Be aware this is a spoiler discussion of Justice League.
Love it or hate it (or think it’s kinda just dumb but fun), Justice League is one fascinating piece of filmmaking. The product of two visions and two filmmakers, Justice League began as a Zack Snyder epic, but the filmmaker stepped down from the project over personal matters, Wonder Woman offered a course correction for the DCEU, and Joss Whedon was brought on board to finish the film in time for the release date. Well, the release date is here, the film is as finished as it’ll ever be, and the resulting movie is a choppy, chaotic creation; a true Franken-film that somehow finds a weird alchemy between the properties of two very different filmmakers and works better than it probably should.
People will spend too much time arguing over who gets credit for what scene, even though we’ll probably never know for sure what comes from which filmmaker. Well, unless it’s a mustache CGI scene, in which case it’s painfully obvious. There are ADR one-liners and moments of ensemble banter that have a distinctly Whedon flourish, and there are ballad montages and epic, heightened action that feel extremely Snyder, but they way in which those scenes are fitted together make it obvious that the matter of ownership in this film is complicated beyond who shot what. Even with the visible seams between the filmmakers, Whedon was a smart pick to steer the ship after Snyder’s departure, and he does good work translating the two halves into an entertaining, breezy superhero romp. Indeed, the pacing is a key player in what makes Justice League work. While the trim two-hour runtime will leave some diehards wanting more, especially in the wake of Snyder’s three and a half hour cut of Batman v Superman, Whedon’s cut keeps Justice League moving, and that crisp cadence helps conceal the film’s flaws rather than exacerbate them.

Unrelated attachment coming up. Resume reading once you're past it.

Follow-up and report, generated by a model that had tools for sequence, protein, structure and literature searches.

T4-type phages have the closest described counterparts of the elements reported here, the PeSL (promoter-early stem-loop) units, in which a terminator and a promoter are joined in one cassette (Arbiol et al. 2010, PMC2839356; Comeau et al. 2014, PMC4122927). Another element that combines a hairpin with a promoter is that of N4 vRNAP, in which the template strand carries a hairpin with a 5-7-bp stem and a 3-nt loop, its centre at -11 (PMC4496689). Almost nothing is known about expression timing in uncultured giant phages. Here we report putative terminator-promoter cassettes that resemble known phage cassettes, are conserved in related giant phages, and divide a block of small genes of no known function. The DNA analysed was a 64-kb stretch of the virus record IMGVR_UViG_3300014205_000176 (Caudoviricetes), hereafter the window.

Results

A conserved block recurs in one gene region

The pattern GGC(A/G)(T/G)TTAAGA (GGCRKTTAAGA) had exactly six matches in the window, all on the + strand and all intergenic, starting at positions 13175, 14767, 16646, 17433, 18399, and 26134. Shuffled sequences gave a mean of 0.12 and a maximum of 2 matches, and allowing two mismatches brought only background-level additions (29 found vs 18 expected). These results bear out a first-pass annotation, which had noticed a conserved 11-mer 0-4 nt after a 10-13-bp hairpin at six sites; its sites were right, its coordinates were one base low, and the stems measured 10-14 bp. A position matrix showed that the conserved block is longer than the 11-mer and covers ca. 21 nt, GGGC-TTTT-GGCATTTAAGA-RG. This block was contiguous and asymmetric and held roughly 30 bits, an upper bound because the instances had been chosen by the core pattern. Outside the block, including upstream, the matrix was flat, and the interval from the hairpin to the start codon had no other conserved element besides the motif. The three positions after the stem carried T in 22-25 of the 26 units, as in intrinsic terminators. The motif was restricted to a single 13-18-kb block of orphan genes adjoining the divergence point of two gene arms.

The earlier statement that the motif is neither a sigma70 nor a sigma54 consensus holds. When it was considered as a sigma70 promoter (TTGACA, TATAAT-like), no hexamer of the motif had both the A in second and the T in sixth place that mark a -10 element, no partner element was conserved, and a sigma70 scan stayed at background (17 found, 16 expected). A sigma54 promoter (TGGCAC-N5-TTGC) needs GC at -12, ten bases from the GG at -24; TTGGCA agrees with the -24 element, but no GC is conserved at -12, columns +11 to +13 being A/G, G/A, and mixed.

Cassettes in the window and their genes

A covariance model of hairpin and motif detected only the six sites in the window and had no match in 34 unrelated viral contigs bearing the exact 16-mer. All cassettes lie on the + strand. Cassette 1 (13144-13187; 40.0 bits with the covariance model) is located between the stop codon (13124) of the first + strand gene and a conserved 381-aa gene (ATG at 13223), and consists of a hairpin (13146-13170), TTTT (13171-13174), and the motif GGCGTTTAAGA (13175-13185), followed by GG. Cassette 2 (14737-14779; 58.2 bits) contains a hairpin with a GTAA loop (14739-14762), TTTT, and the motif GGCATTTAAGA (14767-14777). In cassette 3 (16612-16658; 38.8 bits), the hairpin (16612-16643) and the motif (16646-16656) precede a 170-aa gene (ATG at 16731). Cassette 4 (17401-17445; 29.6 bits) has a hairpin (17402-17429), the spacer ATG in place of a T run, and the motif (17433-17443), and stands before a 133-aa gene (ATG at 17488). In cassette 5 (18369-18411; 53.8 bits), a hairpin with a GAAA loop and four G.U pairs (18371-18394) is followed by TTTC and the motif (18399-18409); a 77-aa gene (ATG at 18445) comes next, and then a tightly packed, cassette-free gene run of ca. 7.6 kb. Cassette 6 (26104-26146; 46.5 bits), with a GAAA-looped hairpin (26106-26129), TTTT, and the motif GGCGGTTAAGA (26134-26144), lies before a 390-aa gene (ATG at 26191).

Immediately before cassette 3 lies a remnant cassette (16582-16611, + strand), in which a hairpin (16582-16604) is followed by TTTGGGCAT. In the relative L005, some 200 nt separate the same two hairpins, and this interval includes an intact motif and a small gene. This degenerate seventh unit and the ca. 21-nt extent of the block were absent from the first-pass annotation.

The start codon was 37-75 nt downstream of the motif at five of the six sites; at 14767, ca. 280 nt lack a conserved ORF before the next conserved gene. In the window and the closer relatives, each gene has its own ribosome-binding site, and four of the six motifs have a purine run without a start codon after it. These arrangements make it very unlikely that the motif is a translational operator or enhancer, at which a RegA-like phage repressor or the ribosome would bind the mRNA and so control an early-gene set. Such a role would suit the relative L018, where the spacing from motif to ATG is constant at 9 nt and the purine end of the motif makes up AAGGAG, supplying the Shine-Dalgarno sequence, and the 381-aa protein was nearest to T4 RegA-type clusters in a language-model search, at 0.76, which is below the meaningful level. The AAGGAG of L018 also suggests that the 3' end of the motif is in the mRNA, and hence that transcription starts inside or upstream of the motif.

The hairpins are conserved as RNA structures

If pacing keeps the ship afloat, Justice League has two great flaws that almost sink the whole thing; it’s an ugly film and it has a terrible villain. The first point comes as a bit of a surprise considering Snyder’s films always look distinct and polished, but Justice League‘s look and VFX work were lost in translation during the choppy production. The villain problem, sadly, is all too common in the superhero cinema, but even among the piteous ranks of Malekith and Ares, Steppenwolf is an egregious, dumb CGI villain who feels ripped from an early-aughts video game. It’s a depressing waste Ciaran Hinds’ talents, but hopefully, he’s putting his grandkids through college with that paycheck or something.
The cast and their chemistry make the film a consistently entertaining ride in spite of those faults. The returning players are strong. Ben Affleck continues to be a better Batman and Bruce Wayne them people want to give him credit for, and this is the closest we’ve seen him to true blue Batman after the murdery rage of Batman v Superman. Henry Cavill is without a doubt the best he’s ever been allowed to be as the Man of Steel, refreshingly sunny and earnestly heroic. He feels like classic Superman. His arc doesn’t quite track, and you get the sense that this is where Whedon made his most significant changes to Snyder’s original design, but it’s a delight to see Cavill unleash his easy charisma, which any Man from U.N.C.L.E. fan could tell you was hiding in there somewhere. Wonder Woman is both a clutch player and a joy of the film thanks to Gal Gadot and her irrepressible on-screen spark, but the character is sadly saddled with the role of naggy maternal mentor and she lacks her sense of, well… wonder. Gadot brings an essential electricity to the dynamic and she’s still a stunning, inspirational incarnation of the character, but she isn’t allowed to trot out those qualities enough. And without Patty Jenkins, it’s back to upskirts and leering camera angles. Ick.